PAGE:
Simple tips on how to identify a phished website

Suppose you check your email one day and find a message from your bank or better yet from your email provider such as yahoo. You've gotten e-mail from them before, but this one seems suspicious, especially since it threatens to close your account if you don't reply immediately. What do you do?

This scenario be-fell one of the reporters of K24. This was a surprise considering her profession; an IT savvy journalist. To me, she ought to have been extra careful in replying to such spoofed emails. Nevertheless,it has happened to many Kenyans. I have also been a victim.

Kenyans have no clue what security concerns this phished website can have in their lives. To some, coining a password is like doing calculus. Calculus was one of those subjects never liked by many esp considering it had lots of symbols and less of the 'ABC' and '123' characters. For example, rather than using "123456" or the ever popular "Password" to protect your account; which is past time to stop. Try using a trick such as "I will never easily get hacked again" might become illnGEThagn, a 10-character password that won't be found in any dictionary.

That was just a by the way. 

Now how do you go about identifying a phished website. Lets take a scenario of the K24 presenter. Below is a snippet of the 'Yahoo account phishing scam email' I received, which I also believe is the same like what the K24 presenter got.


According to this unsolicited email, the recipient's Yahoo account will be closed permanently unless he or she replies with account details within one week. The email asks for the account holder's username and password and other personal information and claims to be from the "YahooMail message center".

However, the message is not from Yahoo and is designed to steal account information from recipients. Those (e.g. the K24 TV presenter) who follow the instructions in the email will actually be supplying their account details directly to scammers. Once they receive the requested details, the criminals responsible can then access the victim's Yahoo account directly, including email and any personal information stored within the account (The reason why K24 TV presenter could not log into her yahoo account).

Then how does, an ordinary person go about protecting him/herself from these scammers? You know, with the landing of the optic fibers, Kenya will surely become a target by these phishers/scammers.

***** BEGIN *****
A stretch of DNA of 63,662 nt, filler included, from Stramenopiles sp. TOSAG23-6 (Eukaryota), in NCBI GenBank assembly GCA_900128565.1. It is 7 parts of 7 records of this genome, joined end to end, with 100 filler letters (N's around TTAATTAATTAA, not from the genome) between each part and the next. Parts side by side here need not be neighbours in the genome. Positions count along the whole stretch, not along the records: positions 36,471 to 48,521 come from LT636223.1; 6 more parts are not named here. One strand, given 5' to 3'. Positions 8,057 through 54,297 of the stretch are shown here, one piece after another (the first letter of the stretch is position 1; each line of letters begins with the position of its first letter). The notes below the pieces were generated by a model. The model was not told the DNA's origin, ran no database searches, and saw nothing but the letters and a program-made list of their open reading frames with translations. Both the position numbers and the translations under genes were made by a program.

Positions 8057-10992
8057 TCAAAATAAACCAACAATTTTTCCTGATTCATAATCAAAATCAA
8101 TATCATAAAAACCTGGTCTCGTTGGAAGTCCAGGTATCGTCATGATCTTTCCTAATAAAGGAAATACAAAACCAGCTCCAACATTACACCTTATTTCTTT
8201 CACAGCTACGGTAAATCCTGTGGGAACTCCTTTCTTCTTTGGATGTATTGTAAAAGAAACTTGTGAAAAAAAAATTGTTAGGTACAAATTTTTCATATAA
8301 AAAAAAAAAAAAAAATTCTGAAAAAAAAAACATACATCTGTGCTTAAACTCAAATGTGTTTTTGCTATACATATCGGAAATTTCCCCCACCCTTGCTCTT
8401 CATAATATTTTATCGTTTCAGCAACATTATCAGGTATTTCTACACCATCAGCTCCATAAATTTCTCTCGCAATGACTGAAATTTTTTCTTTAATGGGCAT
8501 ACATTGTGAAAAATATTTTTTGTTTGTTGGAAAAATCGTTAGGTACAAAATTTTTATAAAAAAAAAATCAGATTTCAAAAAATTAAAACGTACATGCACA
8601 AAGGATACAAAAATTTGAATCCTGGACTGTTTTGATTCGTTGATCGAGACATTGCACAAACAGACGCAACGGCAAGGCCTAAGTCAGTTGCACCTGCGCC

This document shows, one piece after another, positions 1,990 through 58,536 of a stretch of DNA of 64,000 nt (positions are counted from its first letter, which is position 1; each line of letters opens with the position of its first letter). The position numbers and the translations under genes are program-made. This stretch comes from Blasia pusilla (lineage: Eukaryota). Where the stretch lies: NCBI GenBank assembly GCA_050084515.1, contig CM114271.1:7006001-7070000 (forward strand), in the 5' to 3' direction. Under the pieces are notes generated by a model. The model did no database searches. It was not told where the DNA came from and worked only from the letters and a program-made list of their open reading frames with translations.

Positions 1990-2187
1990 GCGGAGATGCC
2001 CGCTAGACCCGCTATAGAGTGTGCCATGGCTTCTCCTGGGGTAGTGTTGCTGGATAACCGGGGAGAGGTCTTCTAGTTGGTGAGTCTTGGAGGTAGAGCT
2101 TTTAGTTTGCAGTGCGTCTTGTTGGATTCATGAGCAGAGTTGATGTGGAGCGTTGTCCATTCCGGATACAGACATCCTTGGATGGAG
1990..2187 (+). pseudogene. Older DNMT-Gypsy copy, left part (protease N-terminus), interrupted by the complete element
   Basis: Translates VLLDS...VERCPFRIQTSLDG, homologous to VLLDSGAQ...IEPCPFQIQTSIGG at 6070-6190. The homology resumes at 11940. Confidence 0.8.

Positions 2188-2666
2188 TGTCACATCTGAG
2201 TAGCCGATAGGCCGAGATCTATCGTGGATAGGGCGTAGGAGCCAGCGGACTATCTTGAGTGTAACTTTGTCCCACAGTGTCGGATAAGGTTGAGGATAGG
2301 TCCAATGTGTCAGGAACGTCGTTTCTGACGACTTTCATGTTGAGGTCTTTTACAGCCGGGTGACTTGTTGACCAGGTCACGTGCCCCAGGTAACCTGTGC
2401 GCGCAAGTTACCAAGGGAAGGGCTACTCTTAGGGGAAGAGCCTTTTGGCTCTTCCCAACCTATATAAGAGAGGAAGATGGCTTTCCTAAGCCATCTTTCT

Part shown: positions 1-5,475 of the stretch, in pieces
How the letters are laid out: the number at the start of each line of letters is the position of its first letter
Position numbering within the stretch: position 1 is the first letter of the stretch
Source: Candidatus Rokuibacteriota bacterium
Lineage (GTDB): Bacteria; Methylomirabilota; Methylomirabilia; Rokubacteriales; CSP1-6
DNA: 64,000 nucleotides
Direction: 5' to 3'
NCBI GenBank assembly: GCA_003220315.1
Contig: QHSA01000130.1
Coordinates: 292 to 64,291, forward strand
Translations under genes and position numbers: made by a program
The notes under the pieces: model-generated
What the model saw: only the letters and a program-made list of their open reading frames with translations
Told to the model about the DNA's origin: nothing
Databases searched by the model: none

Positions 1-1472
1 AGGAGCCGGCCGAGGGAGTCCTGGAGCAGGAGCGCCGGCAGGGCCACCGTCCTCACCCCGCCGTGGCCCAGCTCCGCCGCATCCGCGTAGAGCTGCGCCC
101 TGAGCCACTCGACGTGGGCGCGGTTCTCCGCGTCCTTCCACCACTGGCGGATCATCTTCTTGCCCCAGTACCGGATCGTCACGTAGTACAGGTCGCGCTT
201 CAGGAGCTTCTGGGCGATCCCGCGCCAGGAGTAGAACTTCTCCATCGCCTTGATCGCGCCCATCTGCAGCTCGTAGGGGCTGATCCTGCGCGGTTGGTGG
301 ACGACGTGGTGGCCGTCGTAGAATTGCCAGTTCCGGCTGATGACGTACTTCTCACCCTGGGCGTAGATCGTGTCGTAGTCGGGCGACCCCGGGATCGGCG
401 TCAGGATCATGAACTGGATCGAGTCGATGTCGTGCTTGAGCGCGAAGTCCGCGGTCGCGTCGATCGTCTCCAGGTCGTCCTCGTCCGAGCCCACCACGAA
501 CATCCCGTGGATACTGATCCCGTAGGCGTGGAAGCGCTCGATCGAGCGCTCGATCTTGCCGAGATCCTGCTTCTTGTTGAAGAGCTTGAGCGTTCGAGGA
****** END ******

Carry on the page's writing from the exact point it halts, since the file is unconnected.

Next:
Follow the below remedy, which is not full proof. This is because scammers always have a new trickery up their sleeves. Otherwise, it's a start in the right direction.
  1. To be completely safe from phishers, do not click links in emails. If in doubt, close your browser, reopen it, and type the web address for the site you want to visit directly into the Address bar. 
  2. Look out for a sender's email address that is similar to, but not the same as, a company's official email address. Scammers often sign up for free email accounts with company names in them (such as "ysmallbusiness@yahoo.com"). These email addresses are meant to fool you. Official email from Yahoo! always comes from an "@yahoo-inc.com" email address. Remember, scammers can use new tricks such as forge the "From" address to look like a legitimate corporate address (like "@yahoo-inc.com"). Because of this, the "From" address is just one factor to consider when deciding if an email is trustworthy.
  3. They often include urgent "calls to action" to try to get you to react immediately. Be wary of emails containing phrases like "your account will be closed," "your account has been compromised," or "urgent action required." The phishers is taking advantage of your concern to trick you into providing confidential information.
  4. They often send thousands of phishing emails at one time. They may have your email address, but they seldom have your name. Be skeptical of an email sent with a generic greeting such as "Dear Customer" or "Dear Member.
  5. To trick you into disclosing your user name and password, scammers often include a link to a fake web site that looks like (sometimes exactly like) the sign-in page of a legitimate web site. Just because a site includes a company's logo or looks like the real page doesn't mean it is! 
  6. Scammers sometimes include authentic links in their spoof pages, such as to the genuine privacy policy and terms of service pages for the site they're mimicking. These authentic links are mixed in with links to a fake phishing web site in order to make the spoof site appear more realistic.
  7. Other indicators that an email might not be trustworthy: 
  • Spelling errors, poor grammar, or inferior graphics.
  • Requests for personal information such as your password. Legitimate companies will never ask you to verify or provide confidential information in an unsolicited email.
  • Attachments (which might contain viruses or keystroke loggers, which record what you type).
Is it possible to identify above tips from our 'Yahoo account phishing scam email' ? Let us all be victors rather than victims.

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